15-minute easy cool-down
Cross-training with cycling, swimming or gym fitness.
75- to 90-minute easy run, followed by 6 x 60-meter build-up strides at 75-85 percent effort
How To Race The Mile
Elmore knows how to race: She’s a 15-time middle-distance national champion for Canada. As far as pacing, what words does she have for the aspiring distance-runner-turned-miler?
Don’t worry about pacing, she says.
“The point of the mile is to run as fast as you can and the hold on until you don’t think you can possible go any further,” she says. “But not to stop — just keep digging to the end!”
In the process you will likely enjoy both a rush of adrenaline and then some of the special joys known to milers.
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“Burning legs, bursting lungs, exploding heads and churning stomachs,” she says. Forget the sit-and-kick version of the mile you see in the Olympic final, Elmore counsels — the true satisfaction in the mile is found in going hard from the gun.
“The final few minutes might be a bit painful but pushing your body hard is very rewarding and addicting. It is really cool to see how fast you can go for a relatively short period of time and participate in such an epic and historical event.”
Q&A With Leo Manzano
Leo Manzano has run 3:50.64 for the mile, making him the ninth-fastest American ever at that distance. But the 29-year-old sealed his status in the history of U.S. running with a relentless finishing kick in the final of the 1500m event (the mile’s metric alternative) at the 2012 London Olympics. The Mexican-born American dashed to a second-place finish, becoming the first U.S. runner since 1968 to win an Olympic medal at that distance. He recently signed a new endorsement deal with Hoka One One.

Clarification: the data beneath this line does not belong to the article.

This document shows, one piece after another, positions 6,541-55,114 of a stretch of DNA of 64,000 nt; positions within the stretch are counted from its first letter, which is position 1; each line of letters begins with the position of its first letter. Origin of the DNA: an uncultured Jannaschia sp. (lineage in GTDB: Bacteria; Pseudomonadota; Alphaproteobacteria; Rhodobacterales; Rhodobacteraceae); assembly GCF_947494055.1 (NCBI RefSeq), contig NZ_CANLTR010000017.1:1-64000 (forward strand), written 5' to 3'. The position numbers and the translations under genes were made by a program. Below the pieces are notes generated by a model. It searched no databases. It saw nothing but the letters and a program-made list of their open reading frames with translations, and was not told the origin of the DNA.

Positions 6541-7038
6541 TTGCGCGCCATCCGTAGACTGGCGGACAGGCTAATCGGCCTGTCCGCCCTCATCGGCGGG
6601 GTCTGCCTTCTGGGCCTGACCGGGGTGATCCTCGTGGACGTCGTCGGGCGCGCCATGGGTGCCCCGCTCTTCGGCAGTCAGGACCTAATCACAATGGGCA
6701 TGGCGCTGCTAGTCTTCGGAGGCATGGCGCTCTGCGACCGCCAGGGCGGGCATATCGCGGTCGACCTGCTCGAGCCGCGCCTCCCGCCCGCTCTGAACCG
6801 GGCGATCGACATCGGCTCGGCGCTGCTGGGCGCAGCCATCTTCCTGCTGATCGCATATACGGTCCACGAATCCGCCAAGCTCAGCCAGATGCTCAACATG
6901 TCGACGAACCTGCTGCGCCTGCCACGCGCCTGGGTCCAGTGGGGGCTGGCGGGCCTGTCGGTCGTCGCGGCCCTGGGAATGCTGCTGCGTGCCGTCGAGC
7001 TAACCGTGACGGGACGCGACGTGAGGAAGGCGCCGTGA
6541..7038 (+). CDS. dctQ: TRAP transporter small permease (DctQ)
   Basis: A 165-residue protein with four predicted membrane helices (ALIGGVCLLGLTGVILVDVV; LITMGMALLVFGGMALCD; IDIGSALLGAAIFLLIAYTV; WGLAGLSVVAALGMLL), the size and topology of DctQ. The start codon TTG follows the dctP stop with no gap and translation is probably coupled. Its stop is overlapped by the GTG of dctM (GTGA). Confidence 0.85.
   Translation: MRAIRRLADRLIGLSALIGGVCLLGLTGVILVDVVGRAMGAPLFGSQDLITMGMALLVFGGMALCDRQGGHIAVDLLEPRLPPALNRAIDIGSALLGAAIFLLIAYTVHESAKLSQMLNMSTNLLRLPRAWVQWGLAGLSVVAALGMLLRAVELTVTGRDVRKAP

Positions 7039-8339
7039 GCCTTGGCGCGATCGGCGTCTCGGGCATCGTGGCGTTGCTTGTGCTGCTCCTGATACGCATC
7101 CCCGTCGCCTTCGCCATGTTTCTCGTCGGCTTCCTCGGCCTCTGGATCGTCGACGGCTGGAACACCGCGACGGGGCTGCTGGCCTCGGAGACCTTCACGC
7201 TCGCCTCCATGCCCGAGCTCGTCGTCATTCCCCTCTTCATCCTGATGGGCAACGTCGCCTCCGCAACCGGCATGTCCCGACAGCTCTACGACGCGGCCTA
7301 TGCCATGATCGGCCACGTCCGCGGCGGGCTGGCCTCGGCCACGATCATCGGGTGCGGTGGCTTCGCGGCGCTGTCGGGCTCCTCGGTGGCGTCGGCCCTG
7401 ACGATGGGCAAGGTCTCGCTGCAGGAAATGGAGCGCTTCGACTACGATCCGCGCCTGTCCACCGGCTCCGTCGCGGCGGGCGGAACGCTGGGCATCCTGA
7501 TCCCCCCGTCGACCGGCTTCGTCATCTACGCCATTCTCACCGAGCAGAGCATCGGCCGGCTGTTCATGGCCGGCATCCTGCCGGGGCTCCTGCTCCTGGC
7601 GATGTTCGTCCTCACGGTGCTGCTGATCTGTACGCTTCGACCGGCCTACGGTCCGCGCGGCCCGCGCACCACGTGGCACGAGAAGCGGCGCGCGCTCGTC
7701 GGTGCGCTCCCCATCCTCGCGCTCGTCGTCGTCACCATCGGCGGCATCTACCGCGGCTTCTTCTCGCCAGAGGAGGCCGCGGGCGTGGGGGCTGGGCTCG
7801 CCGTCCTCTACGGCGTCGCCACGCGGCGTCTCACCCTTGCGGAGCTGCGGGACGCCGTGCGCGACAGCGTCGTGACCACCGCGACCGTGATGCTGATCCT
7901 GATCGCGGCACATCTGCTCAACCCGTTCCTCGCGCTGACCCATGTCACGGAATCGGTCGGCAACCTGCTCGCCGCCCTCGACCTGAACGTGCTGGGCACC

What makes the mile so special?
“It’s the ultimate race, especially here in the U.S. If you ask anybody about it, most people have a pretty good idea what a mile is all about. Everybody runs it in school. Everything here is measured in miles. Most people don’t know what the 1500m race is, even though it’s almost the same thing. But when you hear someone say they run a 3-minute, 50-second mile, they say, ‘Wow, that’s fast.’ Most runners here know how fast a mile is because every time they run, either in training or a race, is broken down by miles and pace-per-mile.”
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How can anyone relate to the mile?
“I’ll get a little philosophical here, but racing the mile is kind of a metaphor for life in some ways. You can’t go out too fast, and you can’t live life too fast. You have to pace yourself, and that’s the same thing in the mile, too. In second and third lap of the mile, it gets pretty hard, just like in life. Then the fourth lap is the hardest. But you have to know there is always going to be a finish and whatever your troubles or challenges are, you just have to keep pushing and you’ll be done soon enough. But it’s all about balance, too. You can’t get behind and go too slow in either one, you’ve got to live.”
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How can any runner get faster?
“If a runner is trying to get faster, they definitely have to work on their speed. A lot of people might think they can go out and run and run and then run fast when it’s time to race. But it doesn’t work that way and the chances of getting hurt are very high if you normally don’t run fast. One of the best ways to start approaching speed, even without doing a hard speed work session, is to do eight to 10 strides after almost every run to loosen up your legs muscles and teach the body how to get used to running fast.”